I’ve been wondering if there’s any good data / information around about how much heat you generate, and how this depends upon perceived effort vs actual watts of output. For example - if 2 riders of same height / weight, similar clothing go out and do the same ride together, one might end up super sweaty & hot, whilst the other might be freezing cold. In this case both will be generating similar amounts of power, but it would seem that they are generating different amounts of heat.
If this is actually the case, then it implies that one rider is more efficient - as heat is a waste byproduct. And… does this relate to your FTP (and what % of FTP you’re riding at). You see this with many other energy systems - as utilisation increases towards capacity the overall efficiency of a system declines. So does the same thing happen with human bodies?
My interest in this was sparked whilst riding with my family and some friends. We’re not the same height / weight etc, but in my case I was riding at an RPE of 1-2, whilst they were riding 7-8. I ended up taking all of their outer layers / additional jumpers / gloves / etc just trying to keep warm, whilst they were shedding clothes as fast as they could. But we were all doing roughly the same power output.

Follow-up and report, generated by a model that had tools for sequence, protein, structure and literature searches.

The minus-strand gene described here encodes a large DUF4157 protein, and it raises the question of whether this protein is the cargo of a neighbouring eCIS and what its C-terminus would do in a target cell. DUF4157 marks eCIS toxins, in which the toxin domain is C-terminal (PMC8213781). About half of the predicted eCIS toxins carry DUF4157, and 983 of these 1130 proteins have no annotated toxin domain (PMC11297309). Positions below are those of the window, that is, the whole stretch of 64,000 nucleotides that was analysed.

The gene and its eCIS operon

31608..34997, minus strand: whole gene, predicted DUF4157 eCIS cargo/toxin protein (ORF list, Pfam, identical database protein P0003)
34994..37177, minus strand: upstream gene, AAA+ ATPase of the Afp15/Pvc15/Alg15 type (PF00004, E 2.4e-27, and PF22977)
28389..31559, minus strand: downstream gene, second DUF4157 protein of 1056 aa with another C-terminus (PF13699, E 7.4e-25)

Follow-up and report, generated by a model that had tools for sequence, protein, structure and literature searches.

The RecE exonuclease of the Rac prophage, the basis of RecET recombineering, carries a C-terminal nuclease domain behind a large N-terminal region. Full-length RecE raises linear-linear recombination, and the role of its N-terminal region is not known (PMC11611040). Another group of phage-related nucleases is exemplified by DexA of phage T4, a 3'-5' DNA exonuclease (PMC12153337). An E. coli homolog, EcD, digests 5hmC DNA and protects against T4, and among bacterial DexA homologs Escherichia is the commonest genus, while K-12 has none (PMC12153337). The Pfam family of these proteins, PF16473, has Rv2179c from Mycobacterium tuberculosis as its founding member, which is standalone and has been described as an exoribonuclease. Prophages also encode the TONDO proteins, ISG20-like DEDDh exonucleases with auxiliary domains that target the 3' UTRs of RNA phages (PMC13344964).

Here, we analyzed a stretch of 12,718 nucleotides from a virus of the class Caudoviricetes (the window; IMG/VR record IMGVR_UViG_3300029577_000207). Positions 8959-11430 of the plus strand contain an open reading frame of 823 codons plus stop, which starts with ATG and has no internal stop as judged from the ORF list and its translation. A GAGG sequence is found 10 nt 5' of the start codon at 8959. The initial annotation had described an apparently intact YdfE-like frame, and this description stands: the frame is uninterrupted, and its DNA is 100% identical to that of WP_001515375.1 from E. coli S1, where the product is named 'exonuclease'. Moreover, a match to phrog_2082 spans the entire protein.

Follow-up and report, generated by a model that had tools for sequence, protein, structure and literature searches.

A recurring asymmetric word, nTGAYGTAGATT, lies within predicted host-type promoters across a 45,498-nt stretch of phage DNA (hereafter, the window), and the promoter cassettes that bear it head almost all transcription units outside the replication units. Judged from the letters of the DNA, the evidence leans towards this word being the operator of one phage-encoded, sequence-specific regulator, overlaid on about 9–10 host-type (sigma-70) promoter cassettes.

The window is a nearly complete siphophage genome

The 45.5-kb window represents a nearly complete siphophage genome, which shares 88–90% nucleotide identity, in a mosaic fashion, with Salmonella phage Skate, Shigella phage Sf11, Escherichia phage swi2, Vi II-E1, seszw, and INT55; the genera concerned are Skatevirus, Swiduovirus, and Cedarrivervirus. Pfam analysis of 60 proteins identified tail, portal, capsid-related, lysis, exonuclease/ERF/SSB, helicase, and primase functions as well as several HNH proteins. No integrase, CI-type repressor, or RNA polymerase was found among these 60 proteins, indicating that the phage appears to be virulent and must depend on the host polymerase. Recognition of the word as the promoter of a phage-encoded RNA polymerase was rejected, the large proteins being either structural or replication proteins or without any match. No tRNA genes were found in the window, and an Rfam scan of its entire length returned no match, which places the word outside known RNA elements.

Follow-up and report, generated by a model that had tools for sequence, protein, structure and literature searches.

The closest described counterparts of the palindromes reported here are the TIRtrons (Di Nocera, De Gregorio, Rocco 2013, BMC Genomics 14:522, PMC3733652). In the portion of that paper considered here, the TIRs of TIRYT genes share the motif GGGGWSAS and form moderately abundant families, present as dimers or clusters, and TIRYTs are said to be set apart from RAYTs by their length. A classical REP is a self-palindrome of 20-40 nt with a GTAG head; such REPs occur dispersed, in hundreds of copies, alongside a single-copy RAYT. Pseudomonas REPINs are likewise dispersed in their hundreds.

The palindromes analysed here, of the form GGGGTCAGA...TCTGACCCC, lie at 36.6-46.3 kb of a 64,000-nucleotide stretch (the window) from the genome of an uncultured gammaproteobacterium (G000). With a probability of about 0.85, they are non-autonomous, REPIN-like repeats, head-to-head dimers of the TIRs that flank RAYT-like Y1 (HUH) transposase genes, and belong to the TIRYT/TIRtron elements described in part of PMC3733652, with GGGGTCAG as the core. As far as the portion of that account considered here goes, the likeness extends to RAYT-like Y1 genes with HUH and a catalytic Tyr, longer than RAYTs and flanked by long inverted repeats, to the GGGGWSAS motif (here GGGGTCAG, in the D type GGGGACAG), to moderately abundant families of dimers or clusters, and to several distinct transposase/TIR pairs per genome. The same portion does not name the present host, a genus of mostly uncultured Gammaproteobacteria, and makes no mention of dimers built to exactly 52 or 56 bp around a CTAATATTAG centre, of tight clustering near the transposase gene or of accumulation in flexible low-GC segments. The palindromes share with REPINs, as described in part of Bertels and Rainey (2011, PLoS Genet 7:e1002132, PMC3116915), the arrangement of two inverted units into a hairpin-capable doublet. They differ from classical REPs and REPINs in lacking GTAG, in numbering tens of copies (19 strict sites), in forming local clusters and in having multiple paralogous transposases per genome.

I do significantly more training than my co-riders, and obviously have a higher FTP. But what I’m wondering is - does this impact the bodies overall thermal efficiency at the same power output?
And secondly… does your body actually get more efficient thermally overall? By this I mean - does the % of power that ends up as heat vs “productive power” change in response to physiological training adaptation? I’m not thinking about losing weight - which I expect should impact this (as you’ll shed heat faster), but actual changes in either the ATP or aerobic energy systems.
Or is this a fixed % that depends on your specific genetic makeup / body type / etc?
Cheers! and happy Friday!